I started seeds. I put them outside. They got sun scorch.
I started new seeds. I bumped my phone charger. It literally broke off the stem of the only survivor.
I tried pea seeds. I planted the pea seedlings in my garden. A bunny chewed the top off every pea plant.
I started SUNFLOWER seeds. They grew! I planted them in the narrow space between the garage and raised beds, anticipating them to grow tall and lean.
I walked the rows of the garden center just caddy corner from our home. I put the seedlings of cucumbers, peppers, tomatoes and zucchini in my cart. Hey! The zucchini look like my sunflowers….
I wove chicken wire along the edges of my garden to prevent the bunnies from eating my new plants. I watched the sunflowers turned zucchini get so big they pushed the wire aside.
I planted my plants from the garden center. Two feet apart for these itty bitty plants?!? I think not!
Yep, that’s it. That tangled mess of vines and plants. That huge bush that takes up one entire half of the plot of dirt, yeah those are tomato plants. Cucumber tendrils wrapped around pepper plants. Zucchini protruding straight into and over the fencing. Yep, that’s my garden.
It’s true this is my learning year, my first year owning a home and first time planting my very own vegetable garden. I have learned a lot about what to do better next year as well as a lot about what NOT to do…
- Plant zucchini and pumpkins from seeds, not tomatoes or peppers…buy those from the garden center (unless you can get them from Cody’s students again)
- If you do plant tomatoes and peppers from seeds, do NOT put them in direct sunlight at the first glimmer of springtime, they will be scorched.
- Cucumbers are a vine.
- Bunnies LOVE pea plants.
- Use chicken wire to protect vegetable from said bunnies
- do NOT put the zucchini close to the chicken wire, DO put cucumbers near it so they can wrap their little tendril arms around the fencing and not your pepper plants.
- Buy less plants (or increase the size of the garden) and FOLLOW the recommended spacing…it’s there for a reason.
It’s hard for me not to kick myself when I look at my garden. Every time I go to my car I see it and it bugs me! When Cody comes with me, I make a comment. “Can you believe my garden? It looks terrible! Can you help me fix it? It’s so ugly!” I’m an amateur when it comes to gardening and I’ve had to remind myself over and over that I’m just learning.
I wish that when I walked outside, I saw a much more neat and orderly garden. Who am I kidding? I strive to run my life by the neat and orderly! It’s no surprise that I’m having a hard time extending grace to myself for my tangled mess of vines, vegetables and weeds because I have a hard time extending grace as I navigate the snarled and overgrown areas of my own life. My mother once told me “everything tends toward chaos” and she is right. Laundry. Cleaning. Cooking. More cleaning. Weeds. Lawn. Paperwork. The car windshield that’s been cracked for months. Burnt out lightbulbs. All tending toward chaos.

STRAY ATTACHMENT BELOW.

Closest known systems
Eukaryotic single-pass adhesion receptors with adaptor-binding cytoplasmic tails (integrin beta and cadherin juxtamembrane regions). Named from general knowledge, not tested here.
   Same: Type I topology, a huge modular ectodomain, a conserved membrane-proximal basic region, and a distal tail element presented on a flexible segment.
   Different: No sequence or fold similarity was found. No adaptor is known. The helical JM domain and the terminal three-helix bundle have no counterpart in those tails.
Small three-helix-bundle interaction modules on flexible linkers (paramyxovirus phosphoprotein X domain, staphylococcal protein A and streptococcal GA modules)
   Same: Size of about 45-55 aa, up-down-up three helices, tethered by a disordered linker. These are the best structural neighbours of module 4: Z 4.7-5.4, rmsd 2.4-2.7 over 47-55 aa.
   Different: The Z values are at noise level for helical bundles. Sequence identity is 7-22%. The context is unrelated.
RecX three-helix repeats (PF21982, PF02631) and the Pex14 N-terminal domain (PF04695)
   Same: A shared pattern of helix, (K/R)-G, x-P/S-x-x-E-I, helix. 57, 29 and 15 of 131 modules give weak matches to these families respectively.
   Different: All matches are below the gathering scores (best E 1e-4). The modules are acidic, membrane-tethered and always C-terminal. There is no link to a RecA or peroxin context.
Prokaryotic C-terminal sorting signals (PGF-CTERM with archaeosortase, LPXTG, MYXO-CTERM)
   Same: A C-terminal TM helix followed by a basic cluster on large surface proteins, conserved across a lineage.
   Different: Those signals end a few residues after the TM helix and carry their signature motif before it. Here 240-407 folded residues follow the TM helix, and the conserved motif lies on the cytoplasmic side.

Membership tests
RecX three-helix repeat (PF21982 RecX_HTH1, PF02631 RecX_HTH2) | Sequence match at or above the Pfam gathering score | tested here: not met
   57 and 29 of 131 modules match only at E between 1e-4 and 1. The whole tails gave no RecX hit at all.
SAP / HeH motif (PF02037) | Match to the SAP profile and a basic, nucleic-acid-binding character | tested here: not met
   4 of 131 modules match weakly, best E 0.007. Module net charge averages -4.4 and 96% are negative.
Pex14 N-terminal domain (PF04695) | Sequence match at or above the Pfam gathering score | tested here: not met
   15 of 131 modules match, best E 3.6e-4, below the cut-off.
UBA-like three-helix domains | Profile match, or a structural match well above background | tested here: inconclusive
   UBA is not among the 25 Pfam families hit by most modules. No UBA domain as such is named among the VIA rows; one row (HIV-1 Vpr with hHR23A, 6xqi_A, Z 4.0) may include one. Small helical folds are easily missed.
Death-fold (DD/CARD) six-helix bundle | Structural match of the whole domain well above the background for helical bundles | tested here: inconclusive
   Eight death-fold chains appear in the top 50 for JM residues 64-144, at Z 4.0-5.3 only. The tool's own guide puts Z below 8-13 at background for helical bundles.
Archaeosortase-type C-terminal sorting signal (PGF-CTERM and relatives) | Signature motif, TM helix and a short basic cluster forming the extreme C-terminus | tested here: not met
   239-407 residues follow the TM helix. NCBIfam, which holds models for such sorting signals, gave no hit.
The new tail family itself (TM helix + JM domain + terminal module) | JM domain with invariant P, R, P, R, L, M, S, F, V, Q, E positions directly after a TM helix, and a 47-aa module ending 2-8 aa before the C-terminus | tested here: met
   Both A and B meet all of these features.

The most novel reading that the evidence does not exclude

In the summer-time I like to play catch up with all of the things that have become overgrown or are untended in my life. This summer, it’s prepping for the upcoming school year, getting a baby room together, scrapbooking the ticket stubs, wedding programs, and pictures from the year before, etc. Now that it’s July, and I know August and Back-To-School ads are just around the corner, anxiety has snuck its creeping coils around my heart convincing me that there just isn’t enough time and I’m not going to get it all blooming in manageable array before the year begins. Tonight, as I finished creating cute garden markers (that I’ll probably have to save for next year, because let’s be honest they’ll get lost in my patch), it dawned on me, my jumbled and disordered garden still produces fruit! I can still produce fruit!
I am currently reading The Shack, by William P. Young. Sarayu, the character for the Holy Spirit, maintains a garden that from the human perspective looks unkempt and disorganized. Mack, the main character, in all his humanness says to Sarayu, “It’s a mess” and to his surprise she responds, “Thank you!” without a hint of sarcasm. In the end, Mack comes to understand that this garden is his life, just as my garden has been a gentle reminder of my own life. Even when my life’s garden is at it’s messiest, most tangled, seedy, and disordered, I can step aside from my scraping and weeding and raking and let the Gardener work out the details. I am free to live loved, rest assured that I will grow because of what he has planted in me, blossoming in the knowledge that I can produce fruit even in the chaos.